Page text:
Environmental activists say Michigan’s tourism slogan — “Pure Michigan” — may no longer be accurate unless the state takes stronger action to prevent a 62-year-old oil pipeline from rupturing in a sensitive waterway.
The pipeline, called Line 5, is owned by the Canadian energy company Enbridge, carrying nearly 23 million gallons of crude oil and natural gas liquids every day. It passes between the state’s upper and lower peninsulas, along the bottom of the Straits of Mackinac, which connects Lake Huron and Lake Michigan. East of the pipeline is the iconic Mackinac Bridge, depicted on many of the state’s license plates, and Mackinac Island, an historic, no-cars resort area.
Lawmakers asked state environmental officials Thursday morning what lessons they had learned about preventing another oil spill like the 2010 incident in the Kalamazoo River that led to a recent $75 million settlement with Canada’s Enbridge Energy.
In late July 2010, one of the company’s underground pipelines near Marshall ruptured, spilling 840,000 gallons of heavy crude oil that eventually contaminated more than 30 miles of the river. It amounted to the largest inland oil disaster in U.S. history.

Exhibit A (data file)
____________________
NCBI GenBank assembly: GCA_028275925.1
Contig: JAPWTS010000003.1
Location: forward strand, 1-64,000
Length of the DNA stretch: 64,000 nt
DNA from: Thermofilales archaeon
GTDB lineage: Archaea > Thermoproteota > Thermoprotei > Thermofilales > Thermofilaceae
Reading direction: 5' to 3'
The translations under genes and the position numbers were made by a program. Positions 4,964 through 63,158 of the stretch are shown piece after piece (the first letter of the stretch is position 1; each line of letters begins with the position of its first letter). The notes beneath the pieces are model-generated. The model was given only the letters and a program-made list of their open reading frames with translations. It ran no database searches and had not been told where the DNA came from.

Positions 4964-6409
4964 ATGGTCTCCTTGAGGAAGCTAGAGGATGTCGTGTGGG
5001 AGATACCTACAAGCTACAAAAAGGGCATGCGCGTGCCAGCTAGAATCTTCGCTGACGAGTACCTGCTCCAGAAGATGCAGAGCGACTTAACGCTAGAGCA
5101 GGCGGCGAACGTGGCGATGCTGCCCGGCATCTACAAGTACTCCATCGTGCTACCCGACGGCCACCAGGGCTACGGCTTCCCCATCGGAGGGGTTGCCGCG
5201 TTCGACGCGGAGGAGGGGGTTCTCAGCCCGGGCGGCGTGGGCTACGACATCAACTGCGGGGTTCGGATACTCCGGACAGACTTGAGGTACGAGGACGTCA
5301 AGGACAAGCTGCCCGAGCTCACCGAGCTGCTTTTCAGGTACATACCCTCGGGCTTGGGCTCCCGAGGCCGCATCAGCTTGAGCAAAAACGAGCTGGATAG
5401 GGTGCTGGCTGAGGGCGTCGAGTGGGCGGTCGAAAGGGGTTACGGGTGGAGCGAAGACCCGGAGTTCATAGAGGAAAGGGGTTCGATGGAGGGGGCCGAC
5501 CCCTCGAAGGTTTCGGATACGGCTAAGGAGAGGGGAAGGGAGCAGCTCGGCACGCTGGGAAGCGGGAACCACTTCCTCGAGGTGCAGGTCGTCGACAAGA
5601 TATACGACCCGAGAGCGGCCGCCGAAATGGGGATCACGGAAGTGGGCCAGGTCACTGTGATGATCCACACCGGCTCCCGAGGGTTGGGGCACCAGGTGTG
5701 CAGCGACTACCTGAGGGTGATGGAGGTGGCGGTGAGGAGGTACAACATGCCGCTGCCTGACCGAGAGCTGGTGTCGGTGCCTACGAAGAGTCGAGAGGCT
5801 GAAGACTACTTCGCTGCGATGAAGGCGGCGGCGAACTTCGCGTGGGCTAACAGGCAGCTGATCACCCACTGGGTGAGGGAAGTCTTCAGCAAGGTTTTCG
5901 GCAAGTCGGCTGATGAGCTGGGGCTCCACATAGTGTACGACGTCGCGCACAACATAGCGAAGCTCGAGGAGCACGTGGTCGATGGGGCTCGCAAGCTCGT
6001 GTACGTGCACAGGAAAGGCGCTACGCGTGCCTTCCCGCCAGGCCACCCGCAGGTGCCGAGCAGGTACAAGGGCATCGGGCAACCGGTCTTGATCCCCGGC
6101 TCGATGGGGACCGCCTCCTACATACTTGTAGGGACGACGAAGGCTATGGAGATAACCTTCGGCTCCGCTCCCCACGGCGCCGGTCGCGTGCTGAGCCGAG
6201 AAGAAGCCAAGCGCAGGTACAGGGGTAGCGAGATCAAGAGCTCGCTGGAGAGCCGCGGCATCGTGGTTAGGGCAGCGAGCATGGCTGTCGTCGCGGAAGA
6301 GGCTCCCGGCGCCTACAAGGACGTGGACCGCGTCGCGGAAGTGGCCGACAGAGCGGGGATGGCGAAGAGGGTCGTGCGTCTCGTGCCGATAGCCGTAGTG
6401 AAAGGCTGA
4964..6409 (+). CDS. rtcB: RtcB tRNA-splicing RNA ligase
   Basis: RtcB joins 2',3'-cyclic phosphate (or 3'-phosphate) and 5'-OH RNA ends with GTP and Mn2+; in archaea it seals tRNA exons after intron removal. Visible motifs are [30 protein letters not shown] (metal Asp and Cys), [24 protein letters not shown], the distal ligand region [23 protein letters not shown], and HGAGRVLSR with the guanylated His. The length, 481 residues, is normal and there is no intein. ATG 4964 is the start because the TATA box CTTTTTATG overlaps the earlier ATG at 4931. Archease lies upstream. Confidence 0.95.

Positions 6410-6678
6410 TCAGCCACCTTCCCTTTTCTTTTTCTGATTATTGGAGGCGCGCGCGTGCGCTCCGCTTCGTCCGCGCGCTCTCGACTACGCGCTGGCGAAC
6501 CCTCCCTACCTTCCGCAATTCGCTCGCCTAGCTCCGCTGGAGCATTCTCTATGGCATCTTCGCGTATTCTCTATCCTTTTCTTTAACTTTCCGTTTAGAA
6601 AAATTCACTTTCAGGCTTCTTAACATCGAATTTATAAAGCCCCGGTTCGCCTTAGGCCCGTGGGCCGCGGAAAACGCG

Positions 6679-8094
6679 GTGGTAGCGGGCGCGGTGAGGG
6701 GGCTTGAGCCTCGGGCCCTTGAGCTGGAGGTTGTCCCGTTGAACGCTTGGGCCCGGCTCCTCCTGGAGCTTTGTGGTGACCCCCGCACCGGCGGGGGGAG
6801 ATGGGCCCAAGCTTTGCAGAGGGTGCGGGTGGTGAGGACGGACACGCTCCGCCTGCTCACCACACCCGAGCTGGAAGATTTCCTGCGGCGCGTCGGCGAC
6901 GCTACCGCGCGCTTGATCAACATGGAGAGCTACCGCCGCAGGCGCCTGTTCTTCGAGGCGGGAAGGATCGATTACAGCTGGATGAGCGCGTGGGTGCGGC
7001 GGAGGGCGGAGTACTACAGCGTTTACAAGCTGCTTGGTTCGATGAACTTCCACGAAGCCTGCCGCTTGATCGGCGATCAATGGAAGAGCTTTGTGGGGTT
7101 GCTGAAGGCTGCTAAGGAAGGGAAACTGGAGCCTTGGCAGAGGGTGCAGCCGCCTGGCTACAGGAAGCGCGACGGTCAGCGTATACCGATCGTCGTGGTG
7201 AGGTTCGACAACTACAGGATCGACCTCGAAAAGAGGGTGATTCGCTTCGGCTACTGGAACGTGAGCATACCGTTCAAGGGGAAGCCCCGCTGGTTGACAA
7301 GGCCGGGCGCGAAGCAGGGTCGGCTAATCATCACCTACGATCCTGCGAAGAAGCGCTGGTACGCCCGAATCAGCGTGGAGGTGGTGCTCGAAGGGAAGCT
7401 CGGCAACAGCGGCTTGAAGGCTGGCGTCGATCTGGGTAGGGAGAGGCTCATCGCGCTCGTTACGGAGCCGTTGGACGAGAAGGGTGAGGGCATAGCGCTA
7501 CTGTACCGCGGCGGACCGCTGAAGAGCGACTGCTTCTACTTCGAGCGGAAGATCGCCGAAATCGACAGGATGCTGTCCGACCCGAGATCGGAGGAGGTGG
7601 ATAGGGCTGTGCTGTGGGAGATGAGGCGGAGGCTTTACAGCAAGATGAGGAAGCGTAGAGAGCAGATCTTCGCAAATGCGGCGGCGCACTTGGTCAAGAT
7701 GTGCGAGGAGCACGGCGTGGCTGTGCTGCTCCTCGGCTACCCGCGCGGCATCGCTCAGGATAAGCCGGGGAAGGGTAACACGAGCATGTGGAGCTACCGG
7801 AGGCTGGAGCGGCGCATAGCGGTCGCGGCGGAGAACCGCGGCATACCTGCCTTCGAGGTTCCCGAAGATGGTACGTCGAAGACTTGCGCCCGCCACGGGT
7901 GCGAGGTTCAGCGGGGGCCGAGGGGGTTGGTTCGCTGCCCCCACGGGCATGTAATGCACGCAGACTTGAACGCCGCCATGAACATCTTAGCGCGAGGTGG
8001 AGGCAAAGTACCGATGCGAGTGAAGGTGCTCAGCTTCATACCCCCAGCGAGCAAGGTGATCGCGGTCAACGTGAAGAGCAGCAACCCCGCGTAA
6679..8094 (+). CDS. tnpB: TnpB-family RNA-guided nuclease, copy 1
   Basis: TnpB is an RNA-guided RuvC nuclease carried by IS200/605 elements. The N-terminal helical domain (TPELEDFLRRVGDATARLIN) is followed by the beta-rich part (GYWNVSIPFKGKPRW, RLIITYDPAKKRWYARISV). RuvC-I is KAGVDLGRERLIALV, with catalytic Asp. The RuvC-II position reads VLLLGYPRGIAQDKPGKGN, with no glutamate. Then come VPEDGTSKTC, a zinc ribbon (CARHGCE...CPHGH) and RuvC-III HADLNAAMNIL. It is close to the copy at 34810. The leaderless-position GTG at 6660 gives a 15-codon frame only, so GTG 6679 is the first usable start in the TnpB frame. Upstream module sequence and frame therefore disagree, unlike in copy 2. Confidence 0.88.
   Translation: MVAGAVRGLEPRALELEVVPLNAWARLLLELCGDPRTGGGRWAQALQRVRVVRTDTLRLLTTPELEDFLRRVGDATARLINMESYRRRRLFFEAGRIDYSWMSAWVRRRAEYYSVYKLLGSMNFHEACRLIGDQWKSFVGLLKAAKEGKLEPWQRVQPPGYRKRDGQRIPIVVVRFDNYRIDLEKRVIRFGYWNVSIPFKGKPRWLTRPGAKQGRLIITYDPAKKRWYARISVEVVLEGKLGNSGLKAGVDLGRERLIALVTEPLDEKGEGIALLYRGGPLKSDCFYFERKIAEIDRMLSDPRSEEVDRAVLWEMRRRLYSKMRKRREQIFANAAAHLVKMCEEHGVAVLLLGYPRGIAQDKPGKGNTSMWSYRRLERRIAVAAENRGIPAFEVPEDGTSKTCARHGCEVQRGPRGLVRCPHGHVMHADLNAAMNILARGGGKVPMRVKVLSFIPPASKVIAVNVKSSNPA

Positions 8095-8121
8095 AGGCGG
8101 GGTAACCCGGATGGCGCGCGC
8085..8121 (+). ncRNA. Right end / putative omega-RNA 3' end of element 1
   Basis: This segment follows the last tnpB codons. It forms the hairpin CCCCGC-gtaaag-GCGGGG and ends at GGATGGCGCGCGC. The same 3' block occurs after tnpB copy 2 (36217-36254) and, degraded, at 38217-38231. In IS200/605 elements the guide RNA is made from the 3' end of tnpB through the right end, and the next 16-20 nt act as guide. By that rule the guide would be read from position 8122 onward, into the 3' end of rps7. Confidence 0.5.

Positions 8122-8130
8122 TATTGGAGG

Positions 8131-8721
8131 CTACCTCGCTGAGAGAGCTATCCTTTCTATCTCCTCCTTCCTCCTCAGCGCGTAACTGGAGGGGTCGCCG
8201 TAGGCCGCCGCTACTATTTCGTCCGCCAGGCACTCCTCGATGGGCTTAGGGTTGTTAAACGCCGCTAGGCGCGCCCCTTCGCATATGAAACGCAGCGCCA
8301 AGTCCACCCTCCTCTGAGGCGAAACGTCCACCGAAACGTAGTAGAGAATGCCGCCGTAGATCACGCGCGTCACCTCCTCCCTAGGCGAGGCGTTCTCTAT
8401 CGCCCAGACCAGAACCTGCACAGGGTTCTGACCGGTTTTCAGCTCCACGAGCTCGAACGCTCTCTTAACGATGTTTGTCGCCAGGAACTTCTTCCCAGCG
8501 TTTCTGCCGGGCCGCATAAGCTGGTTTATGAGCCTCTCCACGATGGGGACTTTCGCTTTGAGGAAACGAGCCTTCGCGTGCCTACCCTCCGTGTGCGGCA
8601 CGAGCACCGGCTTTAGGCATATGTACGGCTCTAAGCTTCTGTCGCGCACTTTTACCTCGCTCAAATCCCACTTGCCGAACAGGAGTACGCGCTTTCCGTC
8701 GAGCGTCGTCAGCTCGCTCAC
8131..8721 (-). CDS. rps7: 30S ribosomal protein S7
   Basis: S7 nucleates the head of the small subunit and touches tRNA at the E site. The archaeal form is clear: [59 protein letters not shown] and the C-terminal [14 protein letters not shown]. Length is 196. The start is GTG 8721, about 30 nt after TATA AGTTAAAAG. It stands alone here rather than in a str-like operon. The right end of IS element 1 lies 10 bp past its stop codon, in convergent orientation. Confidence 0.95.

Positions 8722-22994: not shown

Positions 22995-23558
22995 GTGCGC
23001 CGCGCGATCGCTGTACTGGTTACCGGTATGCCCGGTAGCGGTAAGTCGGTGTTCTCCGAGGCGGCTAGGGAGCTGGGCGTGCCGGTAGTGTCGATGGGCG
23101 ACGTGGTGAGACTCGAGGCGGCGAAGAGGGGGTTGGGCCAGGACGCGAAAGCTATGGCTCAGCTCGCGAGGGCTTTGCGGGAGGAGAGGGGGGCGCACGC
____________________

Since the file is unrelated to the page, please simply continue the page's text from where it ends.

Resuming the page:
Several environmental groups have asked a judge to stop Shell’s Chukchi Sea drilling plans this summer, saying federal authorities didn’t properly evaluate the threats drilling may pose to walrus in the region.
The National Resources Defense Council said in a Wednesday that the legal brief, filed late Monday from Alaska in U.S. District Court, is its latest move in a case dating back to last year. The move comes after last week’s arrival in Seattle of Shell rigs Polar Pioneer and Noble Discoverer, ahead of plans to drill exploratory wells in the Chukchi this summer.
An oil pipeline near Refugio State Beach in Santa Barbara County ruptured Tuesday morning, spewing about 105,000 gallons of oil onto the coast and into the Pacific Ocean. The spill was discovered by locals. By the time the Coast Guard arrived, the leak had already covered 4 miles of the coast, and after the broken pipe was reported, it took the Texas-based company that owns the pipeline, Plains All American Pipeline, several hours to shut off the leak.
About 400 people attended a Wednesday night meeting to hear federal officials give an upbeat assessment of the Indian Point nuclear power plant’s safety record in 2014.
“Overall we determined that Indian Point was operated safely, consistent with its license conditions,” said Arthur Burritt, branch chief of the Nuclear Regulatory Commission’s Division of Reactor Projects.